The Cities are Hot, The Suburbs are Not
The world of commercial office space is changing. The questionsis not only how it’s changing but where?
In the 1940’s and 1950’s, returning GI’s left the cities to buy their dream homes in the suburbs. The developers were more than happy to accommodate and thus began the suburban sprawl. Office buildings were built to accommodate companies that wanted offices near their owners, employees, and customers. For over 50 years, this cycle repeated itself throughout the country and suburban office markets boomed.
This changed in the first decade of the new millennium. The millennials, raised on digital social connectivity, wanted social connection in real life and a lifestyle incorporating working, living, and playing, in the same proximity. They moved to cities, both large and small, that could accommodate their lifestyle: New York City, Los Angeles, San Francisco, Chicago, Boston, Denver, Salt Lake City, Nashville, Austin, Portland, and Phoenix. Technology and other industries followed, driven by their need for millennial talent. As a result, the millennial population and businesses grew exponentially in the cities while declining dramatically in the suburbs.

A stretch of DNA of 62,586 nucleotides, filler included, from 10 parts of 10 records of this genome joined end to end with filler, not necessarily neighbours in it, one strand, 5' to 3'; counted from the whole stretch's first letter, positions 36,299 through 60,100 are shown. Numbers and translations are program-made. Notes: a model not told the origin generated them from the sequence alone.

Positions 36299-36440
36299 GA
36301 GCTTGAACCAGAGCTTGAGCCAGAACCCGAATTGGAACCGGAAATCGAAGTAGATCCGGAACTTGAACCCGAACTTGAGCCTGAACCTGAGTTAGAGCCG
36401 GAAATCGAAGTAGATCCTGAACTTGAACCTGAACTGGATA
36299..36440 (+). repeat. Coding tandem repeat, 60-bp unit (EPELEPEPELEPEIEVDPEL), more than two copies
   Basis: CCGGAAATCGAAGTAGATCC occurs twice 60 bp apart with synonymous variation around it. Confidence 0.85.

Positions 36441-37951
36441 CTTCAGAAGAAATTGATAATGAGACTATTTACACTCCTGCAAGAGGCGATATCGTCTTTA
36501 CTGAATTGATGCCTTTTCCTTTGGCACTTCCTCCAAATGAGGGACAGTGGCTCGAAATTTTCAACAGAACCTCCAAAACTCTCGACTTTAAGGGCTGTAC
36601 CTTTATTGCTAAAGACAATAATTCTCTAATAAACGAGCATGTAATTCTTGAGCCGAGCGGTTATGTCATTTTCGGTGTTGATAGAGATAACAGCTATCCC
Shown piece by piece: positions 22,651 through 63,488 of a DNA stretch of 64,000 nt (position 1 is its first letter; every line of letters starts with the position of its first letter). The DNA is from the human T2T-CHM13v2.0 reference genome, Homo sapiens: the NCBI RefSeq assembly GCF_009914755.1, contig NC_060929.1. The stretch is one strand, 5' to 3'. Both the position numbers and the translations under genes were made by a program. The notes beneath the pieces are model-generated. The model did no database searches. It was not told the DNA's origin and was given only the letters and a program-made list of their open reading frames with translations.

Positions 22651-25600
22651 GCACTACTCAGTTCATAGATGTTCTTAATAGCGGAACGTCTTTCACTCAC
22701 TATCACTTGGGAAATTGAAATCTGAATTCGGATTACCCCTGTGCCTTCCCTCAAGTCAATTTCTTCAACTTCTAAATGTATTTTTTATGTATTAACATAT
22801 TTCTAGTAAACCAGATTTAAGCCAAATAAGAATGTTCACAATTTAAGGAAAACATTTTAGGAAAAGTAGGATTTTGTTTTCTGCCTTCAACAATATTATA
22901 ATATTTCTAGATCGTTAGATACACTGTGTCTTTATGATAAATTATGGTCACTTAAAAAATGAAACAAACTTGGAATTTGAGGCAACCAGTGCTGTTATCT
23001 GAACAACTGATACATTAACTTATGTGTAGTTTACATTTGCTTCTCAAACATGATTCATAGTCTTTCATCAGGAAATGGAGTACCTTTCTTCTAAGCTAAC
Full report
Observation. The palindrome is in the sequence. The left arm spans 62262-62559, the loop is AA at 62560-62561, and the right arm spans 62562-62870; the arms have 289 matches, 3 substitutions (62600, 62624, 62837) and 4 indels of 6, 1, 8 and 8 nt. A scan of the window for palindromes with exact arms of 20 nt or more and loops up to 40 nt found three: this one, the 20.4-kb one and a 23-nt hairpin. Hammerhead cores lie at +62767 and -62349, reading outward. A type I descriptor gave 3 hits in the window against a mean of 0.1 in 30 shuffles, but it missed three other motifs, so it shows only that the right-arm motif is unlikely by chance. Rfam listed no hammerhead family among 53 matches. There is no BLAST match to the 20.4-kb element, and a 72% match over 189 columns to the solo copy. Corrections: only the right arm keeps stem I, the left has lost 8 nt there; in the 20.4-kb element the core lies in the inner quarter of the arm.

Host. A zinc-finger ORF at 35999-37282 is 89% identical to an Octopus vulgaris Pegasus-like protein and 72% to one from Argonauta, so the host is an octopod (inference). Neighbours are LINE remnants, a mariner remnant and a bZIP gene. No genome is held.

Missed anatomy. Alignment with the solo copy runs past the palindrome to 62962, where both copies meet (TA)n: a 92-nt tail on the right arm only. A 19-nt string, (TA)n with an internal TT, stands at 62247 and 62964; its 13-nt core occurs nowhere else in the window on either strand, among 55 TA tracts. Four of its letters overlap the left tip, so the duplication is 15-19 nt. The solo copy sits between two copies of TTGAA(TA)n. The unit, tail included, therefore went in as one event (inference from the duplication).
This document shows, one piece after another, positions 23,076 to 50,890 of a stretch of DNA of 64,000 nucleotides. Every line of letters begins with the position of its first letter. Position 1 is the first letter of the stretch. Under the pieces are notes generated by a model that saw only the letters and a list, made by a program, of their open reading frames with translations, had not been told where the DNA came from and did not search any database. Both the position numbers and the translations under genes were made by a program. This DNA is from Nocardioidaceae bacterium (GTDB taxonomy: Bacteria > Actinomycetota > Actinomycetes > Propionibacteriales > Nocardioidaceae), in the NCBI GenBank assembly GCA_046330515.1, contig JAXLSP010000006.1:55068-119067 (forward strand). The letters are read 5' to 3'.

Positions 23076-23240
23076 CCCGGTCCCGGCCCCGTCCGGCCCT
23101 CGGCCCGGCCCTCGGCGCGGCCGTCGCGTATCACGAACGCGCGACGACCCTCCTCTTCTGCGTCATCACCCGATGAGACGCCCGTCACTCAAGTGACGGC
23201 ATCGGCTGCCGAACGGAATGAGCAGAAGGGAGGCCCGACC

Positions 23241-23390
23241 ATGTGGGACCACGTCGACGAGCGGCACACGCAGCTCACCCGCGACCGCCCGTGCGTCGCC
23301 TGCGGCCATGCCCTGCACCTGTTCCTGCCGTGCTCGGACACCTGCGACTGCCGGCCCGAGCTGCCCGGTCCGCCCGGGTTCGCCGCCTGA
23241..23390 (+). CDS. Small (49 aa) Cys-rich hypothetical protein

The question is how long will this new paradigm last? It has been predicted that once the millennials reach forty years old they will start families, want houses, and move to the suburbs. Since the millennials are defined as the demographic born between 1980 and 2000, the first 40-year-old millennials won’t reach us until 2020. All we can do is wait; time will tell.